Imagine walking through a shopping mall and overhearing a young man say the following things:
“I am the Messiah.”
“I am the Son of Man.”
“You are of this world; I am not of this world.”
“My sheep listen to my voice, and I give them eternal life.”
“All authority in heaven and on earth is mine.”
“You must love me more than anyone else, even your own family.”
What would you think of such a person? Humble, modest, and unpretentious? Or egotistical with delusions of grandeur?
I’d personally go with the latter.
The above examples are, of course, things that Jesus is alleged to have said*. Should we then regard Jesus as a megalomaniac, or is it possible to think of him as humble and modest?
If there was evidence that Jesus’ words were true, i.e. that Jesus was, in fact, the son of God and the savior of all mankind, then we would certainly be obliged to cut him some slack. It’s always good to tell the truth, even if it puts you at risk of sounding egotistical. If you’re the son of God, you’re the son of God.
The problem is that there is no independent evidence that Jesus’ claims are true. We have only the claims themselves. So, Christianity has managed a sort of bootstrapping exercise. It starts with the development of a culture of respect and admiration for Jesus. Then, when new Christians hear Jesus’ claims for the first time, their senses have already been dulled to the egotistical nature of those claims, and instead they see a humble man telling it like it is. However, the very culture of respect and admiration that primed this attitude is itself based on nothing more than the original biblical claims.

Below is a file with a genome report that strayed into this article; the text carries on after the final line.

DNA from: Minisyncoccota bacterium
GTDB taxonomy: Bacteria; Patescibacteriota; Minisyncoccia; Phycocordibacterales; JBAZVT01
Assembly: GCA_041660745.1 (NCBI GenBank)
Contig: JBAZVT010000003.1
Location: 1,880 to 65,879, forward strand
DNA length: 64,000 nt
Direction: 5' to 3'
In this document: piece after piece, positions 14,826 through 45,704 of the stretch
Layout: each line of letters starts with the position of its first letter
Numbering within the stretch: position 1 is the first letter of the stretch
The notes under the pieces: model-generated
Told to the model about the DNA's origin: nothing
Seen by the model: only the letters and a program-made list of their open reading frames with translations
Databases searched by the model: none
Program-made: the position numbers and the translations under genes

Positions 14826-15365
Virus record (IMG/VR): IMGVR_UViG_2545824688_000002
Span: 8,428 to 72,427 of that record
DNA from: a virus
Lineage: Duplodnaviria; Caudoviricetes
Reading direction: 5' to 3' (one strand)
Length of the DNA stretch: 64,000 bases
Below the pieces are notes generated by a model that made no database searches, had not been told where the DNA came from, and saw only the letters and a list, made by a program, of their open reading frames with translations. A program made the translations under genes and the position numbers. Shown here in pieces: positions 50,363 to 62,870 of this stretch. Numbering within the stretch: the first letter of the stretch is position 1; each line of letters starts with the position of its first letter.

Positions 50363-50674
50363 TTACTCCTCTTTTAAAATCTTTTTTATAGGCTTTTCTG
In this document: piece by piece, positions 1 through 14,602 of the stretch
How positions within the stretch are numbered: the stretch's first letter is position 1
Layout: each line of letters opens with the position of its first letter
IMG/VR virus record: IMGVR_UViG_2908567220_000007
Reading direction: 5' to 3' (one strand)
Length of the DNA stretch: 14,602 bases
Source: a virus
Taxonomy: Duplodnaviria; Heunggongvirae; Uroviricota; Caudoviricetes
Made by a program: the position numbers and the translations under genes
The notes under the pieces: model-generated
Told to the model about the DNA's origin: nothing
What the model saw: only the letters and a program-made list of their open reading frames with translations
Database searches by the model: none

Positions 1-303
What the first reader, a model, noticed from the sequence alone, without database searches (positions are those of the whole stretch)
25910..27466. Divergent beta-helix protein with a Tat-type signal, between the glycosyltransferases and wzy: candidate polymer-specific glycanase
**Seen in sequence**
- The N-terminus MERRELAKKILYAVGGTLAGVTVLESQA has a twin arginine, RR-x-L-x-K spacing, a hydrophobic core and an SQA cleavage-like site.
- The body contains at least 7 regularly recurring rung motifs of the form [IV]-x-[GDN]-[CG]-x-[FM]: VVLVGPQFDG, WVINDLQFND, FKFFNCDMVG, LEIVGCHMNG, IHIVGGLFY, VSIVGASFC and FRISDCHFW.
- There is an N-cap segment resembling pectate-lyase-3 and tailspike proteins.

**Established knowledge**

This, to me, is a fascinating aspect of religious culture: it changes people’s attitudes so profoundly that they will happily embrace a personality which, if it were taken out of the religious context, would be summarily condemned – by the exact same people – as egotistical and delusional.
And religion is not the only area in which this sort of brainwashing happens. Tyrants and dictators have taken advantage of their subjects in this way since time immemorial. A recent example is the now departed Kim Jong Il, who instilled a cult-like atmosphere of reverence toward himself, the “Dear Leader”. It’s interesting that many Christians here in the U.S. decry such manipulation, yet they fail to see it in their own religion. Jesus is just telling it like it is, right?
* Here are Jesus’ words in full:
The woman said, “I know that Messiah” (called Christ) “is coming. When he comes, he will explain everything to us.”
Then Jesus declared, “I, the one speaking to you—I am he.” (John 4:25-26)
Jesus heard that they had thrown him out, and when he found him, he said, “Do you believe in the Son of Man?”
“Who is he, sir?” the man asked. “Tell me so that I may believe in him.”
Jesus said, “You have now seen him; in fact, he is the one speaking with you.” (John 9:35-37)
You are from below; I am from above. You are of this world; I am not of this world. (John 8:23)
The works I do in my Father’s name testify about me, but you do not believe because you are not my sheep. My sheep listen to my voice; I know them, and they follow me. I give them eternal life, and they shall never perish; no one will snatch them out of my hand. (John 10:25-28)
Then Jesus came to them and said, “All authority in heaven and on earth has been given to me”. (Matthew 28:18)
Anyone who loves their father or mother more than me is not worthy of me; anyone who loves their son or daughter more than me is not worthy of me. (Matthew 10:37)